Architect and planner Jan Gehl looks back on how he helped transform Copenhagen into one of the world’s most livable cities and talks about how people can reclaim the streets.
Bringing hard data is the only way the government will listen, according to Jan Gehl, the pioneering Danish architect, urbanist, and planner who helped turn Copenhagen into one of the world’s most livable cities over the past 50 years.
In a conversation with Annette Becker and Lessano Negussie, the curators of the new exhibit “Ride a Bike! Reclaim the City,” now open at the Deutsches Architekturmuseum in Frankfurt, Germany, Gehl discusses his observations and philosophies of how cities can become as bike-friendly, people-friendly, and climate-friendly as Copenhagen famously is.
One of the cities that has done the most is Copenhagen.
Since 2009, the Copenhagen city council has adopted a strategy saying: “We will be the best city for people in the world.” That means the entire city should be organized so that it becomes more convenient, comfortable, and safe for people to walk.
One of the reasons Copenhagen has gone so far with public spaces and bicycles is that we at the school of architecture at the University of Copenhagen started to study back in the 1960s how people use the city, and we became the world’s center for these kinds of studies.
The cities knew everything about traffic and nothing about people, and how and why people use the city.
What we have done in Copenhagen is to make the people who use the city visible and to document what is going on: Where people go, how many there are, how long they sit on benches, how many café chairs we have.

The orginal article.

Summary of “Looking in the Wrong Places”

It’s a similar problem with the incompatibility between non-relativistic quantum mechanics and special relativity that led to the development of quantum field theory.
If we are working with the wrong theories, we are making the wrong extrapolations, we have the wrong expectations, we make the wrong experiments, and then we don’t get any new data.
There are various reasons for why we expect effects of quantum gravity to also be accessible at much lower energies: There could be relics from quantum gravitational effects in the early universe that are imprinted in the cosmic microwave background-that’s a very simple example.
We’re often told that it’s hard to measure quantum gravitational effects because gravity is such a weak force, and the quantum effects of gravity are even weaker.
More precisely, we should say that the reason we find it so hard to measure quantum gravitational effects is that we either have a particle that has very pronounced quantum properties, like, say, a single electron or something like that, but then it’s so light that we cannot measure the gravitational field.
For me the question is, can you go and test them? Do they make some predictions that you can go and look for? This experiment that I was talking about, where you might be able to measure the gravitational field of some heavy quantum object, it does not measure the strong field limit of gravity, which is where it would be the easiest to distinguish between different approaches to quantum gravity; it measures the weak field limit.
They’re like, “Oh, but this would only be the weak limit of quantum gravity.” I can only respond by saying, “But it would be quantum gravity. It will be the first evidence for quantum gravity. It would make this field a real science if we could go and measure it.” It’s not uninteresting in contrast to what some people seem to believe, because in different approaches to quantum gravity this limit could look different, and we could go and measure it.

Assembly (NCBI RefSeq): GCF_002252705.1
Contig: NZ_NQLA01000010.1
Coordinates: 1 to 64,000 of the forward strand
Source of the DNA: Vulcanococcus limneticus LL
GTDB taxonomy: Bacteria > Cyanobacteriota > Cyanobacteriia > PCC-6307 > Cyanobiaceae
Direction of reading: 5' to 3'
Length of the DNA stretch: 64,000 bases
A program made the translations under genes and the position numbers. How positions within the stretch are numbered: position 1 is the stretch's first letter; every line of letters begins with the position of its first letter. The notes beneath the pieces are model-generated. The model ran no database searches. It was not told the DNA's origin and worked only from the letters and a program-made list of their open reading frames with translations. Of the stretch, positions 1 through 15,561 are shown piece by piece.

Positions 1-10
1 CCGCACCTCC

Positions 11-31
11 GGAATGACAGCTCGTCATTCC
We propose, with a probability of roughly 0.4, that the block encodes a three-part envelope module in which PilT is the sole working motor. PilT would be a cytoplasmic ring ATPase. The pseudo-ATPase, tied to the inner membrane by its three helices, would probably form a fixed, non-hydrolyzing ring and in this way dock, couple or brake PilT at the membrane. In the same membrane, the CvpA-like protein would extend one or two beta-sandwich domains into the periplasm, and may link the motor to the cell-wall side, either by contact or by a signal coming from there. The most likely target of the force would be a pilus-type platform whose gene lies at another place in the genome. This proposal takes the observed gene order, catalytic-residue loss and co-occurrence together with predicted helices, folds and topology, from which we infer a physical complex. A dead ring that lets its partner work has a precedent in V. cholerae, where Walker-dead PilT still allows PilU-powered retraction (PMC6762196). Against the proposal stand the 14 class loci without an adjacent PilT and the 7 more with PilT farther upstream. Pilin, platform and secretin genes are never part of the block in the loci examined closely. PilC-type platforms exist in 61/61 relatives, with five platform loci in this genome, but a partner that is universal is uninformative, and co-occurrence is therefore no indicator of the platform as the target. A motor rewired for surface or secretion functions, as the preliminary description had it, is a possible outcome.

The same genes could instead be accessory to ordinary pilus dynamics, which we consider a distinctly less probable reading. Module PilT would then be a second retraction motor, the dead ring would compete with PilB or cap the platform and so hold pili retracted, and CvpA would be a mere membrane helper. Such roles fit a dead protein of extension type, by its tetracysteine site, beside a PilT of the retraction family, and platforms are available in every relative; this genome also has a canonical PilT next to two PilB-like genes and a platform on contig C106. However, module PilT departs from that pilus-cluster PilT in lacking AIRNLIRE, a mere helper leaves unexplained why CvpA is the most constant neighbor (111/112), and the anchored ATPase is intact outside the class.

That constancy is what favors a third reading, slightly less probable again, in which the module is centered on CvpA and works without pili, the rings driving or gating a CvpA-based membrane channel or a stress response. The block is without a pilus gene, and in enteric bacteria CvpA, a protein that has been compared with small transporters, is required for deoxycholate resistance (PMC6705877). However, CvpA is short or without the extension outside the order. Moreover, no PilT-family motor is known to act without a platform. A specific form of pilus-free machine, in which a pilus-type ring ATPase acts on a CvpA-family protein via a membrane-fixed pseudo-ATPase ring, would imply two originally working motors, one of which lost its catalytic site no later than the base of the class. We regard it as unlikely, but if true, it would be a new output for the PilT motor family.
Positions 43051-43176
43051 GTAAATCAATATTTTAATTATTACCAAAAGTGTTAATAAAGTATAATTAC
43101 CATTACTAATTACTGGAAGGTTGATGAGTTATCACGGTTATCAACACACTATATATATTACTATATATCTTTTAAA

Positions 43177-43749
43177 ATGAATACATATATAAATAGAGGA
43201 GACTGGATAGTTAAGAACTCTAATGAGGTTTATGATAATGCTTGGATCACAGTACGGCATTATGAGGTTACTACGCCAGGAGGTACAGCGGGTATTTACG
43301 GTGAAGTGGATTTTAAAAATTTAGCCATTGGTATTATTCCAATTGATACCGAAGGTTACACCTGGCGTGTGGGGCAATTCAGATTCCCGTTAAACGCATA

On a certain level, even though it’s my personal interest, I realize that for most of the people on the planet making progress in quantum gravity is not that terribly important.

The orginal article.

Summary of “How to Manage an Insecure Employee”

“The challenge is that insecure people are so concerned with how they look and how they are perceived that they either fail to solicit critical feedback or completely ignore it when it’s given. And this robs them of the opportunity to improve.” Your interpersonal relationships with insecure employees also tend to be more complicated, says Mary Shapiro, a professor at Simmons College School of Management and the author of HBR Guide to Leading Teams.
One of the biggest challenges of overseeing an insecure employee is the impact on your ability to manage your team’s workload, says Shapiro.
Give your employee “An inventory of what he or she is good at.” She recommends saying something like, “Let me remind you of how well you did the last time you gave a presentation. You handed out summaries of the PowerPoint. You practiced beforehand. And you and I role-played so that you were prepared for any question the client could throw at you.” Your objective, according to Burris, is to “Coach your employees on how to leverage their strengths by reminding them of times they excelled and felt competent.” Precise and detailed compliments “When given in an authentic way” can help to “Build up” your employee’s self-esteem.
It’s often beneficial to pair your insecure employee with a peer who has “Complementary skills,” says Shapiro.
Partnering colleagues to work on specific projects helps them each “Develop new abilities” and learn how best “To support each other.” You might also consider asking your insecure employee to be a “Mentor or coach” to another team member.
Managing a chronically insecure employee is challenging but you must try not to let your frustration show.
Assign your insecure employee to be a mentor or coach to another team member.
Several years ago when Ben worked as the Chief Marketing Officer for Econation – a clean tech company he co-founded, he managed an insecure employee, who we’ll call Angela.

The orginal article.